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Today I Learned About The Value Of Convenience

From Gerry McGovern’s article, New Thinking: Convenience Trumps Security, in CMSWire:

Making things convenient for customers makes good business sense. It delivers tremendous return on investment. So, why don’t more organizations focus on convenience?

Organizations are generally very good at measuring costs, but they are usually very poor at measuring the value that derives from making customers’ lives easier.

Hey Microsoft: Your Ad Doesn’t Mean What You Think It Means

Text on a page. It should be so simple.

Unfortunately, writing is something wrapped in a great deal of subjectivity. What seems perfectly clear to the writer might come across as meaning something entirely different to the reader. Sometimes this leads to rather delightful, if unintended, interpretations of a text.

Here’s an example:

Screen capture of a Microsoft advertisement for a Windows Phone.

Hey Microsoft… This ad, it doesn’t mean what you think it means…

Seems to me like Microsoft is encouraging people to switch away from their Windows Phone…

The WordPress Bot Attack

So, there’s plenty of news about the 90,000 node bot that’s currently trying to gain admin access to WordPress sites by brute-force guessing admin passwords.

There are a number of things you can/should do to harden your site against this type of attack…the most important being to USE STRONG PASSWORDS!

I installed the Limit Login Attempts more out of curiosity. I’ve seen it recommended in a number of places, but was curious what it would do against a 90,000 node bot. Seems to me like it wouldn’t be that effective…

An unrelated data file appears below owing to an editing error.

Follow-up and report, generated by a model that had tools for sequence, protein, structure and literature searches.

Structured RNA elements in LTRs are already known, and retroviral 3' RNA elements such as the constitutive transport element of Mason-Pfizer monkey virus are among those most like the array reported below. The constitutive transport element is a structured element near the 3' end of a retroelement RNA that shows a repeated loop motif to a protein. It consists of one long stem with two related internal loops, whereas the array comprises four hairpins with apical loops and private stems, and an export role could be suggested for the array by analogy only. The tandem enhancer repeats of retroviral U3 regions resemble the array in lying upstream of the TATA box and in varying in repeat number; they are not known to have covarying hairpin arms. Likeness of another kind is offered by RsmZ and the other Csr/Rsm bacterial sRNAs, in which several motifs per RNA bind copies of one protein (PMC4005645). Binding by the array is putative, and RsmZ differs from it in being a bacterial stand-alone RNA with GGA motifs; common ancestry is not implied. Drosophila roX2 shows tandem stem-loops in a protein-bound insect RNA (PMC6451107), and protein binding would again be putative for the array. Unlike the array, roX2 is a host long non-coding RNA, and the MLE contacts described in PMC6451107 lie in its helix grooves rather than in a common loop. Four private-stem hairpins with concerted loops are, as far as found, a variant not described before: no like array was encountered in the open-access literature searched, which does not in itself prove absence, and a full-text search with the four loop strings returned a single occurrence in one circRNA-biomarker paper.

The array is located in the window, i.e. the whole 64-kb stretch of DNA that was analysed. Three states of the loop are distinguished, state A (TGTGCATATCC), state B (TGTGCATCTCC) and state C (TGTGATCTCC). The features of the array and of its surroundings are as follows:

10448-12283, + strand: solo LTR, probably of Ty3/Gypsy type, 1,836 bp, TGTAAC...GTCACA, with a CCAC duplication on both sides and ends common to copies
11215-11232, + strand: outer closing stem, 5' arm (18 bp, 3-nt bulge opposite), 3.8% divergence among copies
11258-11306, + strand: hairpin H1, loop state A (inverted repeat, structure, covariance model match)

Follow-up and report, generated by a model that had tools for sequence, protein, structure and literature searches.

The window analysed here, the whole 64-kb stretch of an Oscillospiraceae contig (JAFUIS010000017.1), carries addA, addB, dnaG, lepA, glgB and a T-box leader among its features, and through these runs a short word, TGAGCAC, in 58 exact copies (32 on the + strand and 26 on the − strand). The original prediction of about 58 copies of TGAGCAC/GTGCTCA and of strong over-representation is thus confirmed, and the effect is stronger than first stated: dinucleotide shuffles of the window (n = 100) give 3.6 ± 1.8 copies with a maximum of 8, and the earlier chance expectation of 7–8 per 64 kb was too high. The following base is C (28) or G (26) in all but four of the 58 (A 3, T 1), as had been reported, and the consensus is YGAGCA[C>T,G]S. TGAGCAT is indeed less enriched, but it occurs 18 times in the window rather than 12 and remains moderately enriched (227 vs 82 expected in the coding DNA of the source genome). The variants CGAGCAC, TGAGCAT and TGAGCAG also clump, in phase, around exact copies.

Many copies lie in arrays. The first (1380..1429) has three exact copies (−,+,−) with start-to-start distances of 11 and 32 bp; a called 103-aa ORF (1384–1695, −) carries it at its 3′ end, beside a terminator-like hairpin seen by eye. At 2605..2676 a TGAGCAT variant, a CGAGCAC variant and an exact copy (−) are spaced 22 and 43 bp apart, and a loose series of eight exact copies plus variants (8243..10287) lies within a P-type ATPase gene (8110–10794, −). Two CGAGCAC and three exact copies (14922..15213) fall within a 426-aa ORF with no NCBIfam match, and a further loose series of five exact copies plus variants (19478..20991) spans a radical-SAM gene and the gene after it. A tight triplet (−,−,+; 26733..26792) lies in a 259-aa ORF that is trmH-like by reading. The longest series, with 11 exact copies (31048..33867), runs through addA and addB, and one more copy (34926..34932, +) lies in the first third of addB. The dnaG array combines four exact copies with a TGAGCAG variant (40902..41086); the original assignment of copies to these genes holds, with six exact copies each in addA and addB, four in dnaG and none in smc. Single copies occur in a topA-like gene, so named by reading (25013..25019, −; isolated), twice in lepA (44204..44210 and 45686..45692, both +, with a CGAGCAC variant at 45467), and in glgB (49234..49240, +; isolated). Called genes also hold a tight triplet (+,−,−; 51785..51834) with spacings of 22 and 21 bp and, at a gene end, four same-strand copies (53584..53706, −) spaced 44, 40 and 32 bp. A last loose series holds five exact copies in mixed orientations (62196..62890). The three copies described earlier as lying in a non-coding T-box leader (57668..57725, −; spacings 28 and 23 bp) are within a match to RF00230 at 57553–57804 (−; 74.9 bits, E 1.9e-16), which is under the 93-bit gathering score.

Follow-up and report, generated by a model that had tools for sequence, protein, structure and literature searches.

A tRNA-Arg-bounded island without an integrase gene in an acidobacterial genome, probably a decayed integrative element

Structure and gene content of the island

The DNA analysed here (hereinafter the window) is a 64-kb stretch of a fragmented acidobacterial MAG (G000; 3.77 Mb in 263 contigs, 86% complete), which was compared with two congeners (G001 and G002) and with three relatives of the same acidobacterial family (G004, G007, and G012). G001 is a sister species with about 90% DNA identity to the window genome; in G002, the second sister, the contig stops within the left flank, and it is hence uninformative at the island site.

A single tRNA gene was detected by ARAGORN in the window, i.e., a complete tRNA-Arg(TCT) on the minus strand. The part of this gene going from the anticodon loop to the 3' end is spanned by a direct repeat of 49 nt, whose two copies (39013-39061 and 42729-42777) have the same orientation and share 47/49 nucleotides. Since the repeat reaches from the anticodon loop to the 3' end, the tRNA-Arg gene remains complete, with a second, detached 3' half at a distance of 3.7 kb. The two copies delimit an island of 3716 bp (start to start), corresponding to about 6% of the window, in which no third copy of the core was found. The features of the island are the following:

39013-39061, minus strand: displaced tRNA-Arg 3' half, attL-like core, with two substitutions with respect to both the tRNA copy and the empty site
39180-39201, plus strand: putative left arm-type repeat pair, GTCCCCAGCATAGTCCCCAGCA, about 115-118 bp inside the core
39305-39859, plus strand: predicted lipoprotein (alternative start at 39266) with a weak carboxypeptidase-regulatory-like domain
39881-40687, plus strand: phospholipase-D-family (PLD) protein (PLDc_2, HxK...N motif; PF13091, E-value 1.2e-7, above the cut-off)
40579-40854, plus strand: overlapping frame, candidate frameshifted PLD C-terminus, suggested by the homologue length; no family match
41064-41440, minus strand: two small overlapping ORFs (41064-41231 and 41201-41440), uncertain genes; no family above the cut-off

Still, moments after installing, I get this report:

Screen capture of IP addresses locked out of site.

90,000 nodes on the bot trying to brute force passwords for WordPress. This is what I see after installing the Limit Login Attempts plugin…

Each lockout stops an IP from logging in (or trying to) for 20 minutes. After 4 lockouts, you’re banned for a much longer amount of time.

Not the best solution, but it at least shows me that I’m being targeted…

If you host a WordPress site, you really need to make sure you are using strong passwords for your admin accounts. There are also a host of other steps you can be taking to harden your site against attacks.

Please add good resources in the comments!

Plug-ins Worth Considering

  • Limit Login Attempts – Probably a useful plugin in general, but of limited utility against a botnet composed of 90,000 nodes…
  • Better WP Security – This one looks kickass and I see it recommended frequently, but make sure you have solid backups and have tested recovery before throwing it on an established site. …And yeah, read the manual first.

In The News


So, I’ve kind of orphaned a whole slew of side projects (including this blog) lately while I worked on spinning up another blog to test some SEO, content strategy and audience building approaches I’ve had rattling around in my head for a while.